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The newest featured hotplant was written by:

Ben Futa

Ben Futa is the Director of the Allen Centennial Gardens at the University of Wisconsin-Madison. He graduated from Purdue University with a degree in interdisciplinary agriculture.

 

 

Prairie Smoke
Geum triflorum
by Roy Diblik - posted 05/30/14

Geum triflorum is an early blooming, native perennial that provides months of interest. In early to mid-April, you’ll see red flower buds just above the cut foliage, only 4 to 6 inches tall. The whole plant—foliage and the flowers—elongate over time, growing 12 to 15 inches tall. From late April through May, the nodding pink flowers bloom. The best part comes as the flowers mature and the red stamens elongate up to 2 inches, giving the plant its smoky appearance ...   >> read article
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Cheyenne Spirit Coneflower
Echinacea ‘Cheyenne Spirit’
by Deb Wiley - posted 05/23/14

Many gardeners are drawn to perennials because they only need to be planted once. But there are a few caveats. Perennials generally take about three years to reach maturity and may not bloom until then. Often, they cost more to buy as plants and can be difficult to start from seed. Many only bloom for a short time ...   >> read article
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Commotion ‘Moxie’ Blanketflower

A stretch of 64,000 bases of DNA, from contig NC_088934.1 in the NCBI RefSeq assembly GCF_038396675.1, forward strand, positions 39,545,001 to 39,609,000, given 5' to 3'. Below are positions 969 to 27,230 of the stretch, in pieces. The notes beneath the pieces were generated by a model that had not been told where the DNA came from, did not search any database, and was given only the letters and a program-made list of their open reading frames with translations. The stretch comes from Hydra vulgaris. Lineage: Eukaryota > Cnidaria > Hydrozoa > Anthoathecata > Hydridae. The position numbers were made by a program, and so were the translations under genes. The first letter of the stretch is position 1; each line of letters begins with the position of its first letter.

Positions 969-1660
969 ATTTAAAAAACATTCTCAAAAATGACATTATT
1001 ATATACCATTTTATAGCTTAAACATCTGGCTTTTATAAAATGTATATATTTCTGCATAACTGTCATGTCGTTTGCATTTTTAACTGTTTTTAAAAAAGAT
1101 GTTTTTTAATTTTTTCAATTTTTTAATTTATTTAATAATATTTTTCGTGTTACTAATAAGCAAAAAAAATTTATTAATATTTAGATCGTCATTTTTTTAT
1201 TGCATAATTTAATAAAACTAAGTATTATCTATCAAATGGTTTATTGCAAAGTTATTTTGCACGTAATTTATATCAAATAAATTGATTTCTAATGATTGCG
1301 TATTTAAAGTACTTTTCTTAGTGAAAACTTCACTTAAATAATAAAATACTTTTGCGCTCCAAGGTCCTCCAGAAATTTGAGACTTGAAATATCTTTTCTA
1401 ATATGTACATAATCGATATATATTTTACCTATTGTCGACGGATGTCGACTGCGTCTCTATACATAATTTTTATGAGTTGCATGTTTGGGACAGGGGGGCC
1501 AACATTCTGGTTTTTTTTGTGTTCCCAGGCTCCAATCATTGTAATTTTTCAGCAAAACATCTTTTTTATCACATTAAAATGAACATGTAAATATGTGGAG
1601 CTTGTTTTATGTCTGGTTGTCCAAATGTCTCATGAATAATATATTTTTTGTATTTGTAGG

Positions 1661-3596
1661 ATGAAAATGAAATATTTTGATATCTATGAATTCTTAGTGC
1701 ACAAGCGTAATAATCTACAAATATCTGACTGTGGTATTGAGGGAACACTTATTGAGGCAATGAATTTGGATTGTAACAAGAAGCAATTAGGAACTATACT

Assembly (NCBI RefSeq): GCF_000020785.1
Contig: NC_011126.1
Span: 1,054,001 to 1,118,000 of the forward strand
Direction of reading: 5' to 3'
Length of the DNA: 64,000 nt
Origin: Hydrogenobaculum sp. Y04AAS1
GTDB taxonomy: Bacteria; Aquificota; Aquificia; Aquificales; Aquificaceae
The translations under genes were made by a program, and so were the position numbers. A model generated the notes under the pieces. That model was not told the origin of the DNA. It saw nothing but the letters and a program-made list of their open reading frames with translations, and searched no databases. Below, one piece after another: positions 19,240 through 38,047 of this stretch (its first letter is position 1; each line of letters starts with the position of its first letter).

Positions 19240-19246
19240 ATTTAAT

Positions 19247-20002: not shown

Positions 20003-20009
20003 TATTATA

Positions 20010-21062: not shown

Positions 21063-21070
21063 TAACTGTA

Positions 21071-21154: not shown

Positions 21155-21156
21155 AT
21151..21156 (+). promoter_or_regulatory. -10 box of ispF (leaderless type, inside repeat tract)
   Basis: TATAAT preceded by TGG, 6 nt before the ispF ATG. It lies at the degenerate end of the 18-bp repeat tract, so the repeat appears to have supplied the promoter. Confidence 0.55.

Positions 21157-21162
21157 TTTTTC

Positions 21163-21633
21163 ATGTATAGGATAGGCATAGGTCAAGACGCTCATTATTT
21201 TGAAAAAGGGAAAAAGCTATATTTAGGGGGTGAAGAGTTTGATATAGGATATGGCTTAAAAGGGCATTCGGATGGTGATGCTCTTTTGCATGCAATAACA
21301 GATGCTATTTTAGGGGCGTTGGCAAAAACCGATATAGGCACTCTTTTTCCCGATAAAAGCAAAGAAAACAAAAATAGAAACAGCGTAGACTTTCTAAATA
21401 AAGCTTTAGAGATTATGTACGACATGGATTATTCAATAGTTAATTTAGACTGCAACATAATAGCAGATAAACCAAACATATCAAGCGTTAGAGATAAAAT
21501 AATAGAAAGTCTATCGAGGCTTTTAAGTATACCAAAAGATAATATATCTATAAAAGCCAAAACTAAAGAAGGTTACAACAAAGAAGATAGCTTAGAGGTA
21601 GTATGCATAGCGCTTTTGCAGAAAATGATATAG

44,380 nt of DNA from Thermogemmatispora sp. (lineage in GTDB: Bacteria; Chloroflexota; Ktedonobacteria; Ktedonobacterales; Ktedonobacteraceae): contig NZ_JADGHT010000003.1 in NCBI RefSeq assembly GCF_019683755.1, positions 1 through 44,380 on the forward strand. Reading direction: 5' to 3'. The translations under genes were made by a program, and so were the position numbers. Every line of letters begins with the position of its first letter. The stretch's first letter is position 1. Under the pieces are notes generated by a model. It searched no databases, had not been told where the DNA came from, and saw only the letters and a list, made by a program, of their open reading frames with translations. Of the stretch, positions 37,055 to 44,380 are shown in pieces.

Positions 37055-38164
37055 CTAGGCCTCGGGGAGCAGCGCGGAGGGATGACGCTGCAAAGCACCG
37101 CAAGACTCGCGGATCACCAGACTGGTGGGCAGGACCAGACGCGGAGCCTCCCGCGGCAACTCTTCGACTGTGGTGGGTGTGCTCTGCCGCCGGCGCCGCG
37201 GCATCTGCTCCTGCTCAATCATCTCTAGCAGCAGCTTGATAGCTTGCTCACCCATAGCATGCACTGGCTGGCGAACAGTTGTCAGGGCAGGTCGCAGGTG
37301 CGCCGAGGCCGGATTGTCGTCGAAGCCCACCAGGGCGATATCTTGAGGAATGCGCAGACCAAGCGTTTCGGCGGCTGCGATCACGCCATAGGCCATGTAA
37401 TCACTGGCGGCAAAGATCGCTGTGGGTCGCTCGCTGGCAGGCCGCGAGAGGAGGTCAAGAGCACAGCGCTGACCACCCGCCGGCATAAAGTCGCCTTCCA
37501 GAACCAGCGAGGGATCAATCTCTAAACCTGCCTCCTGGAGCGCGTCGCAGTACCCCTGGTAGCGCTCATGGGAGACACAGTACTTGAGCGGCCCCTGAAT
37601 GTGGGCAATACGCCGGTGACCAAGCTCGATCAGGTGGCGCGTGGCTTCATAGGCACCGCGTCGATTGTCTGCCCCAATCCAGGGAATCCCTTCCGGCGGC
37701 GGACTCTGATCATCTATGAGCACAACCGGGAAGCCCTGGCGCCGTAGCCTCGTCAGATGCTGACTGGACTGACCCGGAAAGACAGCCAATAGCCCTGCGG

Gaillardia x grandiflora ‘Moxie’
by Kelly D. Norris - posted 05/16/14

For years, there was no love lost between me and blanketflowers. Despite their colors, proud garden pennants of my alma mater Iowa State, I just didn’t dig them. So many of the seed strains lack any sort of charm or panache—they melt in the summer, fall apart into a disheveled mess by fall and reseed on top of each other, resembling an unruly mosh pit. Blech ...   >> read article
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Seven-Son Flower
Heptacodium miconioides
by John Eustice - posted 04/25/14

Heptacodium miconioides or seven-son flower is new to most Minnesota gardeners. Sometimes called a crapemyrtle for the north, it is a large shrub with attractive peeling bark and late-summer blooms. When freezing temperatures evade our region until late fall, bright red calyxes develop, which offer further interest. Heptacodium is adaptable, but it prefers a sunny location and well-drained, neutral or acid soil.   >> read article
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Canadian Wild Ginger
Asarum canadense
by Pam Potter - posted 04/18/14

Asarum canadense or Canadian wild ginger is an unknown plant to most Minnesota gardens. A different species of ginger than the culinary one most people think of, Canadian wild ginger was eaten fresh or dried by the early settlers as a ginger substitute. It has a pleasant ginger-like smell when brushed up against and makes a beautiful ground cover.   >> read article
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